The league decided to try out some new rules intended to speedup the game.

1)  Pitchers will warm up on the sidelines during an inning, then proceed to the mound and be ready to start the next inning without throwing additional warm ups.

2)  With two men out in an inning, a special pinch runner will be allowed to run for either a pitcher or catcher who is on base.  The special runner, however, must not be one of the other sever players in the game at that time.

3)  Pitchers will be allowed only 20 seconds between pitches.  The base umpire will time the pitcher.

4)  Teams will not be allowed to throw the ball around the infield after an out.  (Lethbridge Herald, May 25, 1954)

Louis SmithThe Edmonton Oilers were the class of the circuit winning the pennant and besting Calgary in the playoff final. 

The Oilers Louis Smith (left) captured the Gail Hopkinsbatting title with a .344 mark, shading veteran Lyle Olsen, of Saskatoon, who finished at .341.  Gail Hopkins (right), also of Edmonton, was third, at .337. 

Larry McWhirter of Calgary led the league in homers, with 9, and doubles, 16.  Ted Bridges of Edmonton had the most runs batted in, 52.  Katsu Shitanashi of the Oilers had 33 stolen bases to top the loop. 

John PearceGeorge FowlkesOilers had two of the top moundsmen.  John Pearce (left) led the league with 10 wins (he lost 6).  George Fowlkes (right) finished at 8-4.  Phil Capka of Saskatoon was second in wins with a 9-3 won/lost mark.  Rich Johnson and Willie Walasko of Calgary each won 7 as did Gary Johnson of Lethbridge.

Fergie OlverOne of the leading lights for the Saskatoon Blues was outfielder Fergie Olver (right) who, twenty years later, would be a television star as a broadcaster with the Toronto Blue Jays.

18-year-old Greg Conger put on quite a show.  When he arrived near the end of June, Conger put in a couple of long relief appearances then threw five straight complete games. Then, needed in relief, he pitched 11 innings of a 20-inning game with just  one day of rest.  He returned with another complete game five days later and in his followings start went ten innings before giving way to the 'pen. Conger finished with the best ERA, 2.46, and was second in innings pitched.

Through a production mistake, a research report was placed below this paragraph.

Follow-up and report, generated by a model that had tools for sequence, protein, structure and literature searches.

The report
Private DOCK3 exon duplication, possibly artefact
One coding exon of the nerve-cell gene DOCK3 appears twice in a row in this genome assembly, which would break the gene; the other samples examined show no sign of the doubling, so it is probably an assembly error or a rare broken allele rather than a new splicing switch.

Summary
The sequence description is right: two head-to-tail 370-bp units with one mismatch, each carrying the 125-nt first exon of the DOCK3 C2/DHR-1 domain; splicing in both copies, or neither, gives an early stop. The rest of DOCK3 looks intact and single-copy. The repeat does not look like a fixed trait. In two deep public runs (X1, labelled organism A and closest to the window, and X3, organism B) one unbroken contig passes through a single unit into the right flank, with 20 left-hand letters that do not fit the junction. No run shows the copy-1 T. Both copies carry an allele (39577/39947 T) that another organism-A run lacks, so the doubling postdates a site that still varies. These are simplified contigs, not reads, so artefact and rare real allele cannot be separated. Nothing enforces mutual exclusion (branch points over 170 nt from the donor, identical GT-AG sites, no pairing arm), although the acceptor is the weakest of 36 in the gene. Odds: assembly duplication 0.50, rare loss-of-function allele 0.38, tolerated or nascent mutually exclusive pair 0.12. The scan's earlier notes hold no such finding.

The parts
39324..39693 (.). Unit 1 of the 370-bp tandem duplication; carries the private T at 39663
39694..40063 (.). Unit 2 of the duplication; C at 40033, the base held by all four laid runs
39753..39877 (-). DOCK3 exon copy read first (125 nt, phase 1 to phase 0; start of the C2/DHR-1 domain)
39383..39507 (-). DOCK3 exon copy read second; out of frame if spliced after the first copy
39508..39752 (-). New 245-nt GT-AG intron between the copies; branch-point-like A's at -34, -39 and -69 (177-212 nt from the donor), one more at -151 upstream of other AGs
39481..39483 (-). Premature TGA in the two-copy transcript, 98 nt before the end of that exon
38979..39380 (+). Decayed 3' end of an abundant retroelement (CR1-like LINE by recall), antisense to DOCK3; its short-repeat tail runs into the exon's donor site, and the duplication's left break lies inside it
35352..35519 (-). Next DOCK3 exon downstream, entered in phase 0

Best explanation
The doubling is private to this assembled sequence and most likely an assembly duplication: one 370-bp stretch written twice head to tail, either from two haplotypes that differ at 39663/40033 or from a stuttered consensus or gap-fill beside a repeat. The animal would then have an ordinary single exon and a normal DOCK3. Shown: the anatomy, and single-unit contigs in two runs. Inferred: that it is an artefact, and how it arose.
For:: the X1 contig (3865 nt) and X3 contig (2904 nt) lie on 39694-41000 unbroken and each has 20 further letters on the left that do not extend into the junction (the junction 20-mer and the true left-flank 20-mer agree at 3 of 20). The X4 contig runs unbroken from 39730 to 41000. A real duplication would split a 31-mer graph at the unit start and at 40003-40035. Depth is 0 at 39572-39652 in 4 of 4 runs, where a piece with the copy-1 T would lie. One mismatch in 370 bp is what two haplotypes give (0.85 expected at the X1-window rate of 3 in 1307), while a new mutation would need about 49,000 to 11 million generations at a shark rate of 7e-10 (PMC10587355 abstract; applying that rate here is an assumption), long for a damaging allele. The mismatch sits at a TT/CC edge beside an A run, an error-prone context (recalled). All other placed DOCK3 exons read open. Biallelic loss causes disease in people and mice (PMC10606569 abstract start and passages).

1964 marked the end of the Western Canada League and a style of baseball (especially with American college imports and former pros) not to be seen regularly on the prairies until Medicine Hat, Calgary and Lethbridge brought pro ball (Rookie level)  to the area in the mid 1970s and Edmonton and Calgary joined the Triple-A Pacific Coast League in the 1980s. 

Tommy TaylorCliff MeinMelville Millionaires rode the arms of Cliff Mein (left) and Tommy Taylor (right) to the pennant in the Southern League.  Each appeared in 15 games (to lead the league) .  Mein won 7, Taylor 6.  Taylor also provided some punch at the plate finishing 5th in the batting race, at .337.  

Wally BlaisdellHowever, the Millionaires were knocked out in the first round of the playoffs as the Regina Red Sox captured the crown behind the hurling of Wally Blaisdell (right) who registered four wins and a tie in five playoff encounters.